• Use lots of positive reinforcement and enjoy the process

Sometimes it can seem like nothing is happening because development is happening in the brain that we can’t see. Sometimes our child is growing or ill and is not at their best. Don’t worry about the results when you hear them play on a day to day basis. If you’ve been playing awhile go back and look at a video from 6 months ago and notice the progress. Growth is happening and if your child is willing to participate in practice (at least most days) and enjoys their instrument, then it is going great!

  • Finally, find the most ideal times to work with your child

Older students may be able to concentrate whenever they put their mind to it. Preschool age children who are extremely tired, hungry or have used up their ability to concentrate for the day may not be able to concentrate at all. Don’t take this as a sign they won’t be able to learn an instrument or that you the parent is doing something wrong. Play around with practice times so you work with them when they are at their best.

An important note of caution: practice should not devolve into fights with your child on a daily basis. As a teacher, I always like to know right away if there is a challenge like this so that we can work together to help solve it.

Who our children are developing to be is much more important than what we practiced today. We cannot control our children’s strong emotions or their behavior, but we can set up the best environment for them, personally, to learn in. That may look really different from one child to the next. Your relationship with your child comes first and there are often many ways to solve practice problems so it becomes more pleasant for everyone if you are struggling. Ask your teacher to help if you are struggling.

Wishing you all many happy practice sessions!

Is My Child Ready to Start Music Lessons?

Is my Child Ready to start Lessons?

“Is my child ready to start music lessons?”

This is a question I hear all the time as a music teacher.

It’s a good question. How do we know if our child is ready for lessons?

There are many factors involved but I am going to touch on 3 things to consider before starting.

First, can your child focus for short periods of time on a task.

It can literally be 30-60 seconds at first. What I’ve found is that if a bit of focused concentration is there, we can build on that attention span. At first we might be stringing together little tiny bites of concentration, with built in tasks in between. Overtime we can stretch that out and your child will learn to focus and concentrate for longer periods of time.

Many years ago when I took training with Susan Kempter she recommended asking parents to observe their child doing an activity, like a puzzle. See how many minutes, or seconds, your child focuses on the task before looking away or getting distracted. This gives you the baseline for what to expect with practice and where you’ll start building from as practice sessions start.

A long as some concentration is happening you are on the right track for getting started.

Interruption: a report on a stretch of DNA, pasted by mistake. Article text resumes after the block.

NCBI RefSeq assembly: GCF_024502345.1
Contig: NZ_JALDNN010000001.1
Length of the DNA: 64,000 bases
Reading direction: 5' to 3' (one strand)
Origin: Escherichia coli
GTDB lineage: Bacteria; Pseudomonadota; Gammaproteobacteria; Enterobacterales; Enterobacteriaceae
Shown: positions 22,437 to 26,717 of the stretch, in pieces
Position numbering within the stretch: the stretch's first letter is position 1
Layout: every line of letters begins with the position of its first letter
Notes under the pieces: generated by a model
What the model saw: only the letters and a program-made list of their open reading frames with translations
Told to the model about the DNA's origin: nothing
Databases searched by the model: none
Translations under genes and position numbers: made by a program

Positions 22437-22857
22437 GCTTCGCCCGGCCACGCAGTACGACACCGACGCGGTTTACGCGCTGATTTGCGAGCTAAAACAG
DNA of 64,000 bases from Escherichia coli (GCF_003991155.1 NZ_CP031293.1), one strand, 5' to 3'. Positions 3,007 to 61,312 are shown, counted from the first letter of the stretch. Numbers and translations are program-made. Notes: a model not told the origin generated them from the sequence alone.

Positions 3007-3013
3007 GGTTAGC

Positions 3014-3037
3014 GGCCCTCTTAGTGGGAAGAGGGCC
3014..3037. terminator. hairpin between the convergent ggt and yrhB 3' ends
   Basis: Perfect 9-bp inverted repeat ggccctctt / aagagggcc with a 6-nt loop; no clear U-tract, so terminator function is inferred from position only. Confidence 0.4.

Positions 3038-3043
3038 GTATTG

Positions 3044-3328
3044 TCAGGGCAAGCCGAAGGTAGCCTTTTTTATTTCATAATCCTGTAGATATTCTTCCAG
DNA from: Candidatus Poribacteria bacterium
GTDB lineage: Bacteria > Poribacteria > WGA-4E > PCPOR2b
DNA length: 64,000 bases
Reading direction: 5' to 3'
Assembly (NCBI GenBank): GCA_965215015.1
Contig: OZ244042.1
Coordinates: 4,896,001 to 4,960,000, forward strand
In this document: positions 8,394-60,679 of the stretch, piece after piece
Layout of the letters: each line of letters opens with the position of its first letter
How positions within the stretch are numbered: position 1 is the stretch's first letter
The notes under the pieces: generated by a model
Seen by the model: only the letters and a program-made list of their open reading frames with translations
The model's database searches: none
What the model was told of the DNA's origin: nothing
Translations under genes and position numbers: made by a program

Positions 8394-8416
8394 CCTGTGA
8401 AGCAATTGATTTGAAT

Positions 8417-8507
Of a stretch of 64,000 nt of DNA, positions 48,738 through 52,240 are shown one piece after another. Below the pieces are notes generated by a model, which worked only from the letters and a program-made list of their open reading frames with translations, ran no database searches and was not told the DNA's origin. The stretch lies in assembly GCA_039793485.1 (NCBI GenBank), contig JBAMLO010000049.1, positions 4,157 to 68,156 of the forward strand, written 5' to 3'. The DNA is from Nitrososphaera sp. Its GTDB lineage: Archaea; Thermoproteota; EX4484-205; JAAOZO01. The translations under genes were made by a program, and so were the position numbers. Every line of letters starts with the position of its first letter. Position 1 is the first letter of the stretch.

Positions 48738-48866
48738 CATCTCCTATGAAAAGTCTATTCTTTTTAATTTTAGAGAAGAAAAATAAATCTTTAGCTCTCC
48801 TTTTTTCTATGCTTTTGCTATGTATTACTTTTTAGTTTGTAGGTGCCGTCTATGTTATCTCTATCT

Will your child interact with another adult who is giving them instructions?

The nature of music lessons, even for very small children, is to interact with another adult who is giving instruction. For many students this is the first time they will work in a close one on one interaction with someone who is not a parent or relative. Depending on the child, this may be no big deal or may be something that you will need to work on before lessons start.

For very young children I love to have parents take Suzuki Early Childhood Education classes before starting lessons because it sets up this framework of cooperation and interaction with a teacher, in the context of music.

Older students may just need to have an understanding that the teacher is going to work with them to learn the instrument and that both you, as the parent, and they as the student will listen and try out the task assigned in order to play well. This seems obvious but I have had students who have not been ready to take instruction and learn from a teacher, so it’s something to keep in mind and work on.

Finally, the most important consideration for if your child is ready to start music lessons is:

Are you the parent ready to undertake music lessons with your child?

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When I polled other instrumental teachers about what indicated to them that a child was ready for lessons there were various answers about little details –  but the overwhelming answer, which I agree with wholeheartedly, is that you, the parent, have to be ready.

Research shows that one of the biggest indicators of a child’s long term success in music is actually the parents long term commitment to music. (Read more about this in Daniel Coyle’s book The Talent Code).

I think it’s because we approach activities our children are “trying out” much differently than those we are committed to them doing long term. We put more time and emphasis on helping them form habits and stay disciplined about something we want them to still be doing years from now, for example.

Music lessons, and especially practicing with your child daily, takes a lot of time as a parent.